JEL: D0 D3 D63 D82 I23 I24 K00
    Date: 2014–10
  3. By: Sylvain Béal (CRESE, Université de Franche-Comté); Marc Deschamps (Université de Lorraine, BETA (CNRS 7522) and GREDEG (CNRS UMR 7321)); Philippe Solal (Université de Saint-Etienne, CNRS UMR 5824 GATE Lyon Saint-Etienne)
    Abstract: The axiom of Balanced collective contributions is introduced as a collective variant of the axiom of Balanced contributions proposed by Myerson (1980). It requires that the identical average impact of the withdrawal of any agent from a game on the remaining population. It turns out that Balanced collective contributions and the classical axiom of Efficiency characterize the equal allocation of non-separable costs, an allocation rule which is extensively used in cost allocation problems and in accounting. For instance, the equal allocation of non-separable costs coincides with the Nucleolus on the class of data sharing games within the European REACH legislation. While our result does not hold on data sharing games, we provide comparable characterizations of the equal allocation of non-separable costs and the Shapley value.
    Keywords: Balanced collective contributions, Balanced contributions, Equal allocation of non-separable costs, Shapley value, Data games.
    JEL: C71 D71 K32 L65
    Date: 2014–08
  4. By: Amuedo-Dorantes, Catalina (San Diego State University); Pozo, Susan (Western Michigan University)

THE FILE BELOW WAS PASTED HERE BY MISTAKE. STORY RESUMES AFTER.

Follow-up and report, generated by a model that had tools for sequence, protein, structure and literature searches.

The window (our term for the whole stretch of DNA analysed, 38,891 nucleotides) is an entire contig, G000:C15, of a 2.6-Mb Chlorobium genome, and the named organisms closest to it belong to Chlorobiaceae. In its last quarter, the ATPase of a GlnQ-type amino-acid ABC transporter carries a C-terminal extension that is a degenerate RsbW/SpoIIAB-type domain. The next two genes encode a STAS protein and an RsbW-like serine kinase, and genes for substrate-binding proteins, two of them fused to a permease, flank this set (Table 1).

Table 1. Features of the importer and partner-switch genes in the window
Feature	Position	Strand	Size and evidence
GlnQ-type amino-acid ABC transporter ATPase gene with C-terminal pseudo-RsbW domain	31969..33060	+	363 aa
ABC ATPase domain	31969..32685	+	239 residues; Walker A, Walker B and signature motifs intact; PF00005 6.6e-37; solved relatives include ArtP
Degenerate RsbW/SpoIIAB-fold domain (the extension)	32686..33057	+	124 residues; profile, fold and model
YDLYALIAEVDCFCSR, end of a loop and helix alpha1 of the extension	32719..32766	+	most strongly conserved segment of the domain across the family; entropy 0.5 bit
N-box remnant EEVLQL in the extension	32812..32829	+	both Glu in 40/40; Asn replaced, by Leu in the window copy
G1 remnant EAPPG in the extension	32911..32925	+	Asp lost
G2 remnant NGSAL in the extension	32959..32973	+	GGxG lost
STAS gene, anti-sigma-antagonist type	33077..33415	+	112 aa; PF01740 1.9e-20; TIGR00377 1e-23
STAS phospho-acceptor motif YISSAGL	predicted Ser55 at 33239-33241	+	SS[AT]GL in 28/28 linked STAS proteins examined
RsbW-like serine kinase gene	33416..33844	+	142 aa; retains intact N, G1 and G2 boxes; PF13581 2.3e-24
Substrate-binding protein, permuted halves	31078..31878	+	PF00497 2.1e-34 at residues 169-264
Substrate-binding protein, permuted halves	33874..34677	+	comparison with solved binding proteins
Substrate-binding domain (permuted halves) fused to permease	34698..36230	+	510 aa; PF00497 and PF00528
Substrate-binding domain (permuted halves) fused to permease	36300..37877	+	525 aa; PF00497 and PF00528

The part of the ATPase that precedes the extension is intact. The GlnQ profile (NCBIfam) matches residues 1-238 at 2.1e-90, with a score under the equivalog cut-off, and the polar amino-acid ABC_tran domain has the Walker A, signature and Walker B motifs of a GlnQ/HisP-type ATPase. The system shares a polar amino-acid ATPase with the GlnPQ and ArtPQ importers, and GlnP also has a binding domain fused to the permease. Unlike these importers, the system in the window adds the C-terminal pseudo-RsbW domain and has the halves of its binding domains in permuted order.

Abstract: Over the past decade, a number of federal and state policies intended to stem the flow of illegal immigration have been implemented. In this paper, we focus on two initiatives: (a) Operation Streamline, as an example of increased border enforcement by the federal government, and (b) state-level omnibus immigration laws, as an illustration of enhanced interior enforcement by state governments. We investigate whether these policies have reduced the intentions of deported immigrants to attempt a new unauthorized crossing. While state-level omnibus immigration laws reduce the proportion of deportees intending to attempt a new crossing, increased border enforcement has proven to be far less effective. In addition, we ascertain human costs associated with these policies. Our findings are mixed in this regard. Noteworthy is how the adoption of more stringent interior enforcement seems to result in a "herding" or "ganging-up" effect whereby the incidence of verbal and physical abuse rises with the number of states enacting such measures. Additionally, our estimates suggest that deportees are more likely to respond that they have risked their lives to cross into the United States as a result of enhanced border enforcement.